Instead of more studies we need the government to fund programs and support organizations that are already doing the critical work to stem hate and racism in Alberta.
In 2021, with the spate of brazen attacks on Black and racialized Muslim women in Edmonton, myself and a small group of diverse Muslim women felt the calling to step up to ensure that our voices are heard. As Muslim women we knew that we could articulate our concerns better than anyone else and that is how the Sisters Dialogue group came to be.
Since then, we have been busy working on initiatives and services that help ensure the safety and well-being of Muslim women. We have also been very busy advocating for more funding to support our work and navigating the complex world of grants.
And while I might be new to the world of grant-writing and application I’m already feeling frustrated. I can only imagine how people who have been applying for grants to do important community work for years feel.
This past month, I had to help two Muslim women groups tailor their grant applications, effectively deconstructing their original proposal so that their projects could be considered for funding. Yes, I have become a gatekeeper because that is the only way these groups, who have faced multiple rejections in the past, could potentially get funding. But it does not have to be this way.
We have to start looking for more equitable, sustainable and less complex funding solutions especially in anti-hate and anti-racism work where we can easily be side-tracked by the latest event.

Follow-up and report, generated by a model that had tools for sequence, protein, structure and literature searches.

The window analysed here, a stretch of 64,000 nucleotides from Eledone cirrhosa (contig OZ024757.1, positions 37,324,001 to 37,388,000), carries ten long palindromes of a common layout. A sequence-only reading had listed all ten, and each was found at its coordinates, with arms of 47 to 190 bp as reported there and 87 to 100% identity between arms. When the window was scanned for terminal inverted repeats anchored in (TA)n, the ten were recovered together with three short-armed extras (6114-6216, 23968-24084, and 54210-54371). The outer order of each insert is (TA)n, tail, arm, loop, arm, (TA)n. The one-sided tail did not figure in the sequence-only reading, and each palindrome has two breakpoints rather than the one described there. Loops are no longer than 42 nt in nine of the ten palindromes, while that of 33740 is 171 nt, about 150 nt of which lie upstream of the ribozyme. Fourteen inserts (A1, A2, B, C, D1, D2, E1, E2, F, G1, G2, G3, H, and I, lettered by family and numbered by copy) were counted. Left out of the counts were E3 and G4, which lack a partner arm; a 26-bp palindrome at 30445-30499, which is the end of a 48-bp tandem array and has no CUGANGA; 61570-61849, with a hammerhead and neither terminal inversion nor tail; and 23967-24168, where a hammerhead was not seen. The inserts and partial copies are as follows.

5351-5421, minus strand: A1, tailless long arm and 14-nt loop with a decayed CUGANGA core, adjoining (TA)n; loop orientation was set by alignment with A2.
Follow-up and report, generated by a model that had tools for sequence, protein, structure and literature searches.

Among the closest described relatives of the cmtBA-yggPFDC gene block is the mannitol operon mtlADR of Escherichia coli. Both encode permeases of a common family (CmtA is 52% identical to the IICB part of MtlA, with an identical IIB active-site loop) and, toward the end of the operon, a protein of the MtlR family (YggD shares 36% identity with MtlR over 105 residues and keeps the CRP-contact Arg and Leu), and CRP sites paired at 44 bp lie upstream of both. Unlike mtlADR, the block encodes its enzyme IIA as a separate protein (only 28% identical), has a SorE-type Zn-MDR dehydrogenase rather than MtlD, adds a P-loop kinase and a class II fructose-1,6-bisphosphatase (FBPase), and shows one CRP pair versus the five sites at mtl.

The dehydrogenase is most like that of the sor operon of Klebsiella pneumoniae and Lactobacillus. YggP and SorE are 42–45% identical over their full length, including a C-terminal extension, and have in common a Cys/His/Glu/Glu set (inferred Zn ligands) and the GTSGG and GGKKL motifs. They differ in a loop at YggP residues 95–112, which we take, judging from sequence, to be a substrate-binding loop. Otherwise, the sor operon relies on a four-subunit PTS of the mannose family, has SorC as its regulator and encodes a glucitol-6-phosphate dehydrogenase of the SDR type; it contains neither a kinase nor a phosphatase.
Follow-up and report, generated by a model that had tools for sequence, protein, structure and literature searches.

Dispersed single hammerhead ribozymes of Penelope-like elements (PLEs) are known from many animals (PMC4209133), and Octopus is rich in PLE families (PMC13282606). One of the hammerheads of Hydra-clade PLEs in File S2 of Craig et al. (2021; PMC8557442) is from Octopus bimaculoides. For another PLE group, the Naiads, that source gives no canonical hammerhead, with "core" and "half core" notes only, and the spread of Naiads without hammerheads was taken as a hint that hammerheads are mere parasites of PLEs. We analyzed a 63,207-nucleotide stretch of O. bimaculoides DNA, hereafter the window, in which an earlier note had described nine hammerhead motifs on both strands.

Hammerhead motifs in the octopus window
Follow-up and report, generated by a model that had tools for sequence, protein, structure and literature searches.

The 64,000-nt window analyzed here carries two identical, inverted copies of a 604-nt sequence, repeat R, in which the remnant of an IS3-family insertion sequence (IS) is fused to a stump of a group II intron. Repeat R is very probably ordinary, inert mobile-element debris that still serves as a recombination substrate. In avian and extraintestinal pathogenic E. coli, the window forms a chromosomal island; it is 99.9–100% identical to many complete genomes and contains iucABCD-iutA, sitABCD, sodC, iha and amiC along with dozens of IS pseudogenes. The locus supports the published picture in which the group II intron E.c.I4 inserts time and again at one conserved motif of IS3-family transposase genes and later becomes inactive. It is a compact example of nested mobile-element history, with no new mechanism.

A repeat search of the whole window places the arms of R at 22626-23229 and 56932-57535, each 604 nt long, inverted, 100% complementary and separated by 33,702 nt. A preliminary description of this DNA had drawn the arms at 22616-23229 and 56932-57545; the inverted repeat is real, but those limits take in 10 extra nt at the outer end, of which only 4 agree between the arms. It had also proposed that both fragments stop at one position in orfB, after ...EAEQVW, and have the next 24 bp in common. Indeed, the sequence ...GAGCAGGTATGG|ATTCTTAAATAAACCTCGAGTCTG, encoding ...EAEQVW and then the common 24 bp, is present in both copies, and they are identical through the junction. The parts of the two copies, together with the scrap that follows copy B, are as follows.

We also have to look at what we fund.
Last week, the Government of Alberta announced a $250K initiative “to study recent hate-motivated crimes and incidents to develop recommendations”. The Alberta Hate Crimes Committee and the Organization for Prevention of Violence both received funding to conduct independent field research and community engagement.
While on the outset this looks like a positive step towards hate prevention, it still leaves me perplexed. This issue has been studied plenty. Where is the action?
Hate, racism and Islamophobia have been researched ad-nauseum for decades. It is time to act on solutions instead of going back to the drawing board to describe the problem that we already know exists.
To be clear, I am not panning research work, which is very valuable to understanding complex issues of hate and racism. I am frustrated that we are not moving past researching and engaging communities who are already tired of the constant requests to engage with various policy makers and research initiatives.
If the government is sincere in wanting change, then why did the UCP shut down a private member’s bill from the NDP which would have required government departments in Alberta to collect race-based data and report on critical measurements around equity?
What will these new studies potentially find and recommend? That we do not have much data to go on and will recommend collecting race-based data? We already know this.
Both the Alberta Hate Crimes Committee and the Organization for Prevention of Violence do good work. The latter organization has a free program called Evolve which provides counselling, mentorship, and customized social supports to individuals and families who are looking to disengage from extremist and hate-motivated groups or who have been victimized by a hate crime or incident.